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Meet My Princess Parrots
Here is the story of two princesses...............MALE princesses.  Known as Polytelis Alexandrae in scientific terminology, sometimes these birds are also called princess of Wales parakeets.  The blue princess came to us in Nov 2005 from a breeder I found online in Sydney who was coming to the Gold Coast for a holiday.  He brought three weaned 8 week old princess parrots up with him and I let them out in the car to get to know them.  One was spunkier than the others and seemed to like me so he came home with me.  After getting his DNA results, he was named Tjinimin, who in Aboriginal mythology was the ancestor of the Aboriginal people, sometimes known as a "bat god".   He was a bit bedraggled, it was a hot day but I knew I could fix him up with some TLC. 

A few weeks later, I bought a baby normal green princess parrot from a backyard breeder in Brisbane.  He had about 8 babies in the nest and was going crazy trying to handfeed them all.  Strictly speaking, he shouldn't have sold an unweaned baby bird but at least I had finally gained some experience with handfeeding when I was in the USA.  The little green guy came to us shortly before Christmas at 3 weeks of age on 3 feedings a day and I was off work until after New Year's and ready to rear him to adulthood.  When the DNA lab opened in the New Year, he was revealed to also be a male and named Manikay after the traditional songs of the Aborignal people.  I wanted my native Aussie princess parrots to have traditional names from their homeland.

The two young princesses grew up together and were kept in the bedroom away from the other birds.  Tjinimin took a brotherly interest in his little sibling right away and tried to feed him at times.  They were vet checked after they had been with me a month and Tjinimin was revealed to have megabacteria.  Manikay tested negative but since he was living with Tjinimin, they both had to be treated for 10 days.  I was pretty worried until I got the final results back-both young princesses were now healthy.  Tjinimin had poor feather condition but this would molt out so the early photos are only a hint of the beauty he would grow up to be.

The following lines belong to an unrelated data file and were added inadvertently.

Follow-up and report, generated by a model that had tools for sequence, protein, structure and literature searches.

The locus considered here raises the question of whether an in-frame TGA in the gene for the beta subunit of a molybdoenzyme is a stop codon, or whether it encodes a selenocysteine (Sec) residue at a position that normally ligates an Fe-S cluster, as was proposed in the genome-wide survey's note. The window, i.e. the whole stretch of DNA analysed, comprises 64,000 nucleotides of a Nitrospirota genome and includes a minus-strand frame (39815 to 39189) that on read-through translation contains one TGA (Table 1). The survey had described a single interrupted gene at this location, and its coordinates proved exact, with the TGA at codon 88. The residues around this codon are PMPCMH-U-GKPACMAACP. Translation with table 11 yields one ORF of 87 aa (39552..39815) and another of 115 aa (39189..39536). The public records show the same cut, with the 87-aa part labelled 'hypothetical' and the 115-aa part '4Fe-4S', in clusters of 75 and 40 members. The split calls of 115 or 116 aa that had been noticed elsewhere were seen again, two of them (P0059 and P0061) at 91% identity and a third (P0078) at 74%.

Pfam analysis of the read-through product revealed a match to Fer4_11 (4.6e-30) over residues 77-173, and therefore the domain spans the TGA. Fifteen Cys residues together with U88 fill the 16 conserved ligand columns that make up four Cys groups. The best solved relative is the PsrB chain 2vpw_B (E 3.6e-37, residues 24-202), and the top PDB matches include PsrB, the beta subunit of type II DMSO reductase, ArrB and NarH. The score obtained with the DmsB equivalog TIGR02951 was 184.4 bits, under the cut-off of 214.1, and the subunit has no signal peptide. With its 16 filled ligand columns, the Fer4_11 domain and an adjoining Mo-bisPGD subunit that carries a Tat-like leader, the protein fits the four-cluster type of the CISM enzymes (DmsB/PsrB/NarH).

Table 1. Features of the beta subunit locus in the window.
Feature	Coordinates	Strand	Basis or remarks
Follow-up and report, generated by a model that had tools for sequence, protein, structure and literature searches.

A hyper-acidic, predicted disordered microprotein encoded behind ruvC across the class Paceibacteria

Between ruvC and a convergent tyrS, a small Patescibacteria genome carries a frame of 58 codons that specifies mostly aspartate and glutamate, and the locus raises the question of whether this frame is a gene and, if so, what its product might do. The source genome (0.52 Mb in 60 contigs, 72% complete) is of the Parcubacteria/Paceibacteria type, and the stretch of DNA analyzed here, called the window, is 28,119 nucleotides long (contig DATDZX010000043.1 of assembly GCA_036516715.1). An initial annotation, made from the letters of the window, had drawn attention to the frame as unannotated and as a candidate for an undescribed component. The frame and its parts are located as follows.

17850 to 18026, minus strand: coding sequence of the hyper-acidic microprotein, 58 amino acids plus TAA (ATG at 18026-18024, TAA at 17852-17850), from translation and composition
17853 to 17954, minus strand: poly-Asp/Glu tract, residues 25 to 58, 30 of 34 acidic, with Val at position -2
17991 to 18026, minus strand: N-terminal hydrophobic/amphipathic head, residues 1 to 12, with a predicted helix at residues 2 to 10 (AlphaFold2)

Once they cleared the vet check and quarantine, they were introduced into the bird room to some very curious cockatiels who were wary at first, but quickly learned the princesses wouldn't hurt them.  Princess parrots have very mellow personalities and tend to get along with everyone but they are more confident and independant than cockatiels.  For example, cockatiels can get night frights and tend to be skittish around shadows and sounds, princess parrots aren't phased by anything.  Since they joined our family, they prefer to hang around with each other and sometimes the cockatiels.  They don't care for the conures or Chaska, the quaker.  They know "homies" when they see them! 

Interestingly enough, although Manikay was the one I personally handreared, Tjinimin is the one who is more bonded to me.  They both have the attitude "I'm beautiful and I know it"!  Tjinimin likes to dance, bobbing his head to music while Manikay is more sedate and elegant.  They will both sit on my shoulder or head but don't like to be scritched or cuddled.  They both hate baths and spray showers.  They aren't big on toys but like shredding toys and the cargo net.  They are tame and will go to anyone if they feel like it but they are pretty much in control and do as they please. I find them a delight to have around and a joy to have in the family!

These photos are presented in chronological order of when we first got the princesses in 2005, introduced them to the bird room up to March 2009.  No captions but Tjinimin is the blue one and Manikay is the green one-easy!


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